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    AS - I'm particularly worried for chemistry/physics grade boundaries, if they're low due to a new specification (as we have been told may happen, so the govt look good), it might be easy to get an A, but what about getting 95%+ UMS, the new breadth/depth style is fine but the amount of application needed makes it very difficult, in mock exams the highest across our whole year was 83% for chemistry and 74% for physics(breadth&depth), but what about unis such as Oxbridge which would prefer a 95% average? Some of us have kept a 90%+ average up for the whole year, but with the new specification it just drops the grades (in my schools case at least)
    I heard a while back that they just wont ask for the grades on new AS specifications because not everyone does the exam, so it would be more based on the new entrance exams.
    Anyone have an idea what will happen in terms of these universities?
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    I am pretty sure the universities will adjust their entry requirements to suit the cohort. There's no point in have 95% UMS requirements if barely anyone gets that. Universities still want students!

    I think it is difficult to predict grade boundaries at this stage. Just do your best and hopefully you will get the grades you deserve.
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    First of all the grade boundaries won't be low to make the government "look good". And it won't be "easy to get an A" - If the boundaries are low it means the top students scored lower marks than expected. Either way, roughly the same number of students should score A grades, regardless of what the boundaries are.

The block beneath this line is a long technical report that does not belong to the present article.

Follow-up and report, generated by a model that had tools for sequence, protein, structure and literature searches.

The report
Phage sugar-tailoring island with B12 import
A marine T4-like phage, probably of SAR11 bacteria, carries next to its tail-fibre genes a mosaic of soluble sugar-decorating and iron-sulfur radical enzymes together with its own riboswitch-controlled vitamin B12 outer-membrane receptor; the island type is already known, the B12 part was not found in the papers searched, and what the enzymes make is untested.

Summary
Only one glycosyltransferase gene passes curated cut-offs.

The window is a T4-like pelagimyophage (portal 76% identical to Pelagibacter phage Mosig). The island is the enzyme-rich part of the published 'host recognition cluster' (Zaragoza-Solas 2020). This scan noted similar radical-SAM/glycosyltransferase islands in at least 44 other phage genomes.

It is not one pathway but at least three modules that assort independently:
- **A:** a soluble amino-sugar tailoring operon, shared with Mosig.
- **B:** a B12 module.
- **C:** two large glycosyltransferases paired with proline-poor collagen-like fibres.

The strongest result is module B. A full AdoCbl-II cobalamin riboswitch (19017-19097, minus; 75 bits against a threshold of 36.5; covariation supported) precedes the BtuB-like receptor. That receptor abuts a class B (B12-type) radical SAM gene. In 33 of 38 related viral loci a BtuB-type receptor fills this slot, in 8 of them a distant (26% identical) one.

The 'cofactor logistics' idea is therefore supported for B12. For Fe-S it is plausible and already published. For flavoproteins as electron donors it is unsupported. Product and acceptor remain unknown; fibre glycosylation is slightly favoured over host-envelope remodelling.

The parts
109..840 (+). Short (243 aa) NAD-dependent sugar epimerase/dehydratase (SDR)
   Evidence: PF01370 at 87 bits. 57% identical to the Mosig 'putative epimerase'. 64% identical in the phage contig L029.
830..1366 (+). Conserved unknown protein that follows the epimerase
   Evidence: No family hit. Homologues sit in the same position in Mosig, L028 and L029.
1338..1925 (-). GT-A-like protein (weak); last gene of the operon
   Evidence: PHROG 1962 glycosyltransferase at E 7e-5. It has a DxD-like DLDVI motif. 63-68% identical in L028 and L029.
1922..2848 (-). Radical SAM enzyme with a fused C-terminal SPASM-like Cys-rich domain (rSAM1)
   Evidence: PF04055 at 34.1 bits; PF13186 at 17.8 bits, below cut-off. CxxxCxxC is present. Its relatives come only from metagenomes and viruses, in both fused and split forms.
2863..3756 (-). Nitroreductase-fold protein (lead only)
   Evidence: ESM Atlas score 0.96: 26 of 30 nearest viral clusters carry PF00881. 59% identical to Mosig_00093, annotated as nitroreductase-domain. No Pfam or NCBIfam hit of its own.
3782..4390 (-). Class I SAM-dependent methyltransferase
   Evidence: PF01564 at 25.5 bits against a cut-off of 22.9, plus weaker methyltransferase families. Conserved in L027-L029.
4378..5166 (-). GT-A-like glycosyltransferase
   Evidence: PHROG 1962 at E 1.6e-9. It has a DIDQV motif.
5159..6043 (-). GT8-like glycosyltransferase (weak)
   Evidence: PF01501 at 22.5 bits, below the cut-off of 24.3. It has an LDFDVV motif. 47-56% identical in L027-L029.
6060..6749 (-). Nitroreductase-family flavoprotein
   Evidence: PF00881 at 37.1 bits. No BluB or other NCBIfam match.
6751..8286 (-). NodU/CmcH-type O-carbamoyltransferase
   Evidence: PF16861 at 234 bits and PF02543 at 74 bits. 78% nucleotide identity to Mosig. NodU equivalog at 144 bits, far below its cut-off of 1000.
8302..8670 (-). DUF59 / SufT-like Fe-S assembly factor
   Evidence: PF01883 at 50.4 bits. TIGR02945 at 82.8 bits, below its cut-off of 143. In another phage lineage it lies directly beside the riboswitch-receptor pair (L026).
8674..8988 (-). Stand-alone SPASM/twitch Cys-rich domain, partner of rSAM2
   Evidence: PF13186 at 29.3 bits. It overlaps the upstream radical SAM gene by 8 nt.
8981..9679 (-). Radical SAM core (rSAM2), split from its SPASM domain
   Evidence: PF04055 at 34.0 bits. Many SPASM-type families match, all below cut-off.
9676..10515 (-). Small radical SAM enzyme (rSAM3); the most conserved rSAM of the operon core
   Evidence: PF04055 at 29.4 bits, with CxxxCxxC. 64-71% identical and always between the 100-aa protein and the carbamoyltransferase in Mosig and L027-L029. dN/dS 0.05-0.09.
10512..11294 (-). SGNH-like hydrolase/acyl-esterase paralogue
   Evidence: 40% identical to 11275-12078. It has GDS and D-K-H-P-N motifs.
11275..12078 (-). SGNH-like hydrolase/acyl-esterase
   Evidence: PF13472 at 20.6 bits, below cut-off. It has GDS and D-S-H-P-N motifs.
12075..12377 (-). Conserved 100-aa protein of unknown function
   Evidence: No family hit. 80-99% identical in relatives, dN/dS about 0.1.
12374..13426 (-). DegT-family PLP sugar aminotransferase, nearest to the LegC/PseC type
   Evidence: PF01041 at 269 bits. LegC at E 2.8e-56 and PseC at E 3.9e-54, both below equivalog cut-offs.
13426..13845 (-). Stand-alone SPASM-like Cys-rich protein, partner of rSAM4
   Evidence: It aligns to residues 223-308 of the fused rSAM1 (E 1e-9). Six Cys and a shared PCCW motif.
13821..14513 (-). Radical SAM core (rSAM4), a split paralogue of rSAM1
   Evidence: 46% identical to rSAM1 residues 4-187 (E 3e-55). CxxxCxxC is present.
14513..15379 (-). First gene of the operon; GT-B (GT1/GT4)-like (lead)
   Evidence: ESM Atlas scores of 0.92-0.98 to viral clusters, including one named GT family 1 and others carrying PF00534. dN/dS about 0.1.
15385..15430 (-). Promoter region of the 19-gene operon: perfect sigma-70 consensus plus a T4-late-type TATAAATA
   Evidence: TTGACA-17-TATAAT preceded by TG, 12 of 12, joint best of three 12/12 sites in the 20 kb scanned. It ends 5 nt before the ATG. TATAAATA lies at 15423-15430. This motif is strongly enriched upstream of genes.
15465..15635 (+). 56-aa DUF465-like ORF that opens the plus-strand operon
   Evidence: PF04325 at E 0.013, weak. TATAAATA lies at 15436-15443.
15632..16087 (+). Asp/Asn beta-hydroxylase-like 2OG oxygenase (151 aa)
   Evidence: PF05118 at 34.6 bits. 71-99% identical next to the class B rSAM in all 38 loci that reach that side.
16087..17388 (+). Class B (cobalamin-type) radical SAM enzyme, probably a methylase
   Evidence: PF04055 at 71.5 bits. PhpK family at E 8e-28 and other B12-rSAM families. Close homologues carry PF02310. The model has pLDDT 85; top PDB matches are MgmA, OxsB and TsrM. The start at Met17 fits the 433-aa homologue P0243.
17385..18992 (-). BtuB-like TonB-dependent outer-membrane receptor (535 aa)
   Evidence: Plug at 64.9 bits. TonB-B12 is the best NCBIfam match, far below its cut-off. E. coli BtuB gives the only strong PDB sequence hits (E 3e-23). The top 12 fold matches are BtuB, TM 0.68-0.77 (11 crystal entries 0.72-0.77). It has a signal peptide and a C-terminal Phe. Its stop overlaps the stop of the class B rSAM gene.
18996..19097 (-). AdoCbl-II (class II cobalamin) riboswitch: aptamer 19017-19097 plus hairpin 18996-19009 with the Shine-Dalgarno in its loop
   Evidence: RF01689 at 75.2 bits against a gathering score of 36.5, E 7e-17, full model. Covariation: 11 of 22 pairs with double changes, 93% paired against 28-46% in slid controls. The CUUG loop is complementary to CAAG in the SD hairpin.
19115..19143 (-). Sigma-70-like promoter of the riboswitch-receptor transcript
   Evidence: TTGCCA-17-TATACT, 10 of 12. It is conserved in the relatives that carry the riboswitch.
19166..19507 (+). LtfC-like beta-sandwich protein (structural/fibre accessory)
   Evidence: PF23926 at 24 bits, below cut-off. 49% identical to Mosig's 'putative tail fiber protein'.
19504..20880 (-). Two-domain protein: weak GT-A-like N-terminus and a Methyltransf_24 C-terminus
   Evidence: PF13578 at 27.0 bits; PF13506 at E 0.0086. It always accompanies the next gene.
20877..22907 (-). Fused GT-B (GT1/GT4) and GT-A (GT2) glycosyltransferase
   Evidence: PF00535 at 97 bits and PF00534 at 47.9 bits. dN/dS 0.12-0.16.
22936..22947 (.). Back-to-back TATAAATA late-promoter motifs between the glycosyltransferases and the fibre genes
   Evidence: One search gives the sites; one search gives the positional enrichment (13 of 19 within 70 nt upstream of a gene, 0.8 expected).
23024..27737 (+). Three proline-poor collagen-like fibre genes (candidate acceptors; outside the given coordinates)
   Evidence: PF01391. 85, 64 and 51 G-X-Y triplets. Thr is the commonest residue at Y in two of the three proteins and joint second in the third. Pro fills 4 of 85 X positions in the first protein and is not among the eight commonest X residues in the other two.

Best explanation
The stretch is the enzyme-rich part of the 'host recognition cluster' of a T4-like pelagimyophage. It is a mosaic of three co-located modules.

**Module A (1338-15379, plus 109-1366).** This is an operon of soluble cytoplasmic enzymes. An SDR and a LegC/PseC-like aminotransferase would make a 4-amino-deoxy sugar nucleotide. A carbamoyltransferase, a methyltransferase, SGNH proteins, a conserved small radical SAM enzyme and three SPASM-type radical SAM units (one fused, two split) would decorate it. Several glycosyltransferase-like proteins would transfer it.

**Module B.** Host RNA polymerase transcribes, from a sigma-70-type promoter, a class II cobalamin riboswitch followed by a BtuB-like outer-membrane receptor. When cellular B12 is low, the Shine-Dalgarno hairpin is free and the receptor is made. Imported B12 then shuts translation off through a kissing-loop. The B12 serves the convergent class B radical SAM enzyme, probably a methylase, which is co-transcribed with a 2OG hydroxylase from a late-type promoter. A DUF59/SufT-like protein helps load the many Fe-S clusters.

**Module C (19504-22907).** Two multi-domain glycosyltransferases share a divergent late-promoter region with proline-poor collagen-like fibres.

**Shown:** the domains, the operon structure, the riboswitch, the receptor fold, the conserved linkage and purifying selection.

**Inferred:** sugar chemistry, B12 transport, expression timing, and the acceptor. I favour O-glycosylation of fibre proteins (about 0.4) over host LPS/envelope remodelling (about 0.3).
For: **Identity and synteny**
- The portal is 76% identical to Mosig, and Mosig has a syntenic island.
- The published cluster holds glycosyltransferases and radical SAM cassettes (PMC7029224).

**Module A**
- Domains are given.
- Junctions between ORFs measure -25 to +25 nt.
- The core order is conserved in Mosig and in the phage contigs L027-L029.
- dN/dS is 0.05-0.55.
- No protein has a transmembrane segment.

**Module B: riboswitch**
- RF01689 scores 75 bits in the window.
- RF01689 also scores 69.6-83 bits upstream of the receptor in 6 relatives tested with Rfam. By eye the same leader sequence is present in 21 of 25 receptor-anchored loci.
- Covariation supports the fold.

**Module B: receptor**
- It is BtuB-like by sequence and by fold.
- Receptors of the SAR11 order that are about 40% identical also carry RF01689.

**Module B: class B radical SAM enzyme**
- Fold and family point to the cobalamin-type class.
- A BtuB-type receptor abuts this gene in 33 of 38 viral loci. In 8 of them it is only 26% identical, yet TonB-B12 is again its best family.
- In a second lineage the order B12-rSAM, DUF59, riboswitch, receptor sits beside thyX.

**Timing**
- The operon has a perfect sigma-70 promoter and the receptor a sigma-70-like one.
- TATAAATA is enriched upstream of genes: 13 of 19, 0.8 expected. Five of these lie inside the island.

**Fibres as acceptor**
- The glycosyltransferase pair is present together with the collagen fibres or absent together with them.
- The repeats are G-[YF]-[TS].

The only reason they might be significantly lower this year is because it's a new specification and exams; teachers and students alike are new to the specification. There will be limited resources available for the new specifications alone making it more difficult to nail the exam technique, i.e. students won't always know what the markscheme might be looking for. You can see this by looking at the grade boundaries for the A Level papers in 2010 and comparing them with now.
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    (Original post by TajwarC)
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    Ah thanks, I suppose my school just worded it not so well.
    By the "easy to get an A", I meant more that whilst an A would still be as hard to get, getting a high A is much more challenging, when compared to a borderline A (grade boundary for an A in our mock was 49/70 in breadth)
    Lots of 'rumours' going around about the new spec, hard to tell what's true :P, but thanks for clearing up some of it.
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    (Original post by JN17)
    Ah thanks, I suppose my school just worded it not so well.
    By the "easy to get an A", I meant more that whilst an A would still be as hard to get, getting a high A is much more challenging, when compared to a borderline A (grade boundary for an A in our mock was 49/70 in breadth)
    Lots of 'rumours' going around about the new spec, hard to tell what's true :P, but thanks for clearing up some of it.
    I guess, just work hard and hope for the best! It's an interesting topic but don't let it distract you
 
 
 
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